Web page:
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I have a sentence that I need to translate:

Having left the forum with haste, ... etc

And I'm translating it as "e foro cum celeritate egressi, ..." (the rest of the sentence refers to multiple people hence why I'm using egressi) but I'm not sure whether I need to include cum in this sentence.

Does it make more sense/is it a better practice to not include cum, just leaving celeritate in the ablative on its own, so it reads e foro celeritate egressi or am I just being needlessly doubtful?

2
  • 1
    Here I am going off at a tangent, again: Are you sort-of remembering 'quam celerrime' "as quickly as possible" ?
    – Hugh
    Aug 13 at 14:43
  • 12
    Greetings to the fellow travelers from HNQ expecting something a little more spicy.
    – MaxD
    Aug 13 at 18:24
13

In this case, celeritate should be used with cum.

The general rule for the ablative of manner is that it should be used with cum if the ablative isn't modified by an adjective. Dale A. Grote explains this rule:

When the noun in this kind of construction is modified by an adjective, Latin has the option of dropping the preposition cum. This sentence could also be written: Id magna celeritate fecerunt. But if the noun governed by cum is not qualified by an adjective, the cum must be used. This is incorrect: Id celeritate fecerunt; but this is correct: Id cum celeritate fecit. And so is this: Id magna cum celeritate fecit; this is fine, too: Id magni celeritate fecit.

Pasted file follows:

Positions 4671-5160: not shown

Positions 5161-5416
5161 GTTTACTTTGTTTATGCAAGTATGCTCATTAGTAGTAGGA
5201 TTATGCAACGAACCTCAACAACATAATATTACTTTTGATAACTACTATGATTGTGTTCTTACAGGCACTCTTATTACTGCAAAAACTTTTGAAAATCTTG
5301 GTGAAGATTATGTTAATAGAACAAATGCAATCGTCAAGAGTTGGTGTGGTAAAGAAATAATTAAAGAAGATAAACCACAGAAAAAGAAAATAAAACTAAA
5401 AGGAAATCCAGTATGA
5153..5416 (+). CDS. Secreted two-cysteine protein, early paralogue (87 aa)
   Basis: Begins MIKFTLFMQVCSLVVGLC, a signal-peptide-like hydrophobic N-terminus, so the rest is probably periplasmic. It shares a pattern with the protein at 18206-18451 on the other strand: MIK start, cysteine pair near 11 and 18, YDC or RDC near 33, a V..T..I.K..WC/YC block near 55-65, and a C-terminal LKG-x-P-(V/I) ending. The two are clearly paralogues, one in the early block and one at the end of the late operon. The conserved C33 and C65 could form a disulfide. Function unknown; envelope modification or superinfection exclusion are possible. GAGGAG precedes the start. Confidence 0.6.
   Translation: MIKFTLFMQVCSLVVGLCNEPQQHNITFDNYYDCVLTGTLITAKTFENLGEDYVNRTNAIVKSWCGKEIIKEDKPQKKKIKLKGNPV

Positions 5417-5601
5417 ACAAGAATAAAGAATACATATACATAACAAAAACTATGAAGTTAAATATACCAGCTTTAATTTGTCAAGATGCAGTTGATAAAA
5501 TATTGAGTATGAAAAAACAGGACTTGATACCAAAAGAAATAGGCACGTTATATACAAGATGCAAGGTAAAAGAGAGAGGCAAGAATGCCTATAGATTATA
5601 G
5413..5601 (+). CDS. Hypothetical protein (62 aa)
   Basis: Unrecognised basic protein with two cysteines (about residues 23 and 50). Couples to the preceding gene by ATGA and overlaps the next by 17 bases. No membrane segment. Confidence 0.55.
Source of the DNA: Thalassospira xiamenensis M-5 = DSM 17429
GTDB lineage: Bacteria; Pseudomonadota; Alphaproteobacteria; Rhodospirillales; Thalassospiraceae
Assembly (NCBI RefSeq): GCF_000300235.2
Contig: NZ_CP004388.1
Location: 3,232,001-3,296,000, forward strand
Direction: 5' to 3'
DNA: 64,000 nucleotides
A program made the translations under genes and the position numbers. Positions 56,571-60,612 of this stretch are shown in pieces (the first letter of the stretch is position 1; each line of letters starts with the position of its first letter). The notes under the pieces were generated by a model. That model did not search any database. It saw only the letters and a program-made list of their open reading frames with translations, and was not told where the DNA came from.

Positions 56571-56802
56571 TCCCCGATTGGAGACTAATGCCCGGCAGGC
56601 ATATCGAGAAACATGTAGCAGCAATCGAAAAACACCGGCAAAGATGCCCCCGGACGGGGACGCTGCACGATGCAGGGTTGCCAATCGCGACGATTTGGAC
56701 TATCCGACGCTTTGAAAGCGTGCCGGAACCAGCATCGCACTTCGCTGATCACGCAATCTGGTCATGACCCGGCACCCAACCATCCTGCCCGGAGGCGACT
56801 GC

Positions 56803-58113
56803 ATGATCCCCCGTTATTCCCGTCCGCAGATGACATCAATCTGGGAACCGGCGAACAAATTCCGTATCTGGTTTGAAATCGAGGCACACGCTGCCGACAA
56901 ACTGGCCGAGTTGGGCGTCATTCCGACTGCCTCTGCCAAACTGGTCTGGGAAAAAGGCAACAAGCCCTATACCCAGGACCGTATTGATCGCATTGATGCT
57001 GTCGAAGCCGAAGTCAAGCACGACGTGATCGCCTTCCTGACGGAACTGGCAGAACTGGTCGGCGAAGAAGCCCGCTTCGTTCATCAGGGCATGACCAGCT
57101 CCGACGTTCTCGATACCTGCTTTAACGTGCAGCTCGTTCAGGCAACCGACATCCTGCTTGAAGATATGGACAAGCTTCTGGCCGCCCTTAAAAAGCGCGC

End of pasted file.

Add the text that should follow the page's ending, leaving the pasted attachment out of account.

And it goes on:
However, as is often the case, there are exceptions to the rule (but none that affect celeritate). According to Bradley's Arnold Latin Prose Composition, the use of cum is optional (even without an adjective) with the following:

casu "by chance" consilio "by design" consulto "deliberately"
forte "by chance" fraude "deceitfully" iure "rightly"
iniuria "unjustly" silentio "in silence" vi "by force"

There are also some common phrases with which cum is never used:

hoc consilio "with this intention"
hoc modo, hac ratione "in this way"
summo opere "ernestly, energetically"
aequo animo "calmly"
iussu tuo "at your command"
iniussu Caesaris "without Caesar's permission"
bona tua venia "with your kind permission"
nullo negotio "without trouble"
nescio quo pacto "in some way or other"

7

In concurrence with Expedito Bipes's answer, cum should be used in this sentence. Allen and Greenough's Latin Grammar states:

The manner of an action is denoted by the ablative; usually with cum, unless a limiting adjective is used with the noun.

It lists two examples, both of which conveniently use the noun in question:

  1. Cum celeritate venit. He came with speed.
  2. Summa celeritate venit. He came with the greatest speed.

Since there is not adjective modifying celeritas in your case, cum is to be used.

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